Levels of testosterone estrogen and progesterone

Testosterone is formed from its precursor androstenedione and to a lesser extent from DHEA. In males, testosterone is produced mainly by Leydig cells of the testes. Testosterone can be converted by peripheral tissues to the more active dihydrotestosterone (DHT) by the enzyme 5a-reductase or it can be converted into estradiol (E2) by an "A" ring aromatase. In males, the conversion of testosterone to E2 by aromatase achieves masculinization of brain neurons (Wu et al. 2009). In the female ovary, testosterone secreted by thecal cells of the follicles is aromatized by granulosa cells into estradiol.

In males testosterone levels reach «250 ng/L by the second trimester of gestation. 2-3 months after birth, the levels fall to 50ng/L and remain low until puberty (age 12-17), when they rise to adult levels of 500-750ng/L. Levels of testosterone decline slowly after middle age, but inadequate testosterone levels can be augmented by hormone replacement therapy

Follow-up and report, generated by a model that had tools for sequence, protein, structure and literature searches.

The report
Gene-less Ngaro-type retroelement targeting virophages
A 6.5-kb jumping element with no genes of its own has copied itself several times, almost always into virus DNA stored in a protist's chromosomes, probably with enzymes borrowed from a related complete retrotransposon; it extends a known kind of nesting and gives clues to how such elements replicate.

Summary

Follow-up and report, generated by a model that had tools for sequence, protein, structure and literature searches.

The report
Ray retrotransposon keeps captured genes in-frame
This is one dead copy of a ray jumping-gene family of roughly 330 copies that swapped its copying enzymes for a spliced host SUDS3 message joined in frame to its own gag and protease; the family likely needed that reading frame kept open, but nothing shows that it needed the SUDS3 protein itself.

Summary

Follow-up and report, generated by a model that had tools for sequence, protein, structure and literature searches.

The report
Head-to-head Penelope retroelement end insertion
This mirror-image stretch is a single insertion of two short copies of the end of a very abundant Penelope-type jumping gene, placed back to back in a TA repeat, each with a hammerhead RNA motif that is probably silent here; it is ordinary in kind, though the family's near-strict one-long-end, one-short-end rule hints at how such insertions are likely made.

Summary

(Wilson et al. 1998). In females, testosterone levels are normally low: 30-50 ng/L throughout life (Forest 1975). Serum testosterone is converted into inactive metabolites by the liver.

Levels of E2 are low in girls (1.6-2.6 pg/ mL) but even lower in boys (0.4 to 1.1 pg/ mL (Janfaza et al. 2006). During puberty (age 8-13) estrogen rises to adult levels and varies during the menstrual cycle. Estradiol shows a pre-ovulatory peak (190pg/ml) by day 14 of the cycle and peaks broadly («100pg/ mL) during the luteal phase from days 18-25 (Levin and Hammes 2011; Thorneycroft et al. 1971). Progesterone is low except for a broad peak at 10 ng/ mL during the luteal phase of the menstrual cycle. After menopause, E2 falls, reaching levels similar to those found in adult males (8-40 pg/mL) (Lee et al. 2006). Estrogen replacement can be used to ameliorate the side effects of low estradiol. Contraception employs small doses of an ethinylestradiol and progesterone, but studies have shown no relationship between current and past use of contraceptives and diabetic retinopathy (Klein et al. 1990).

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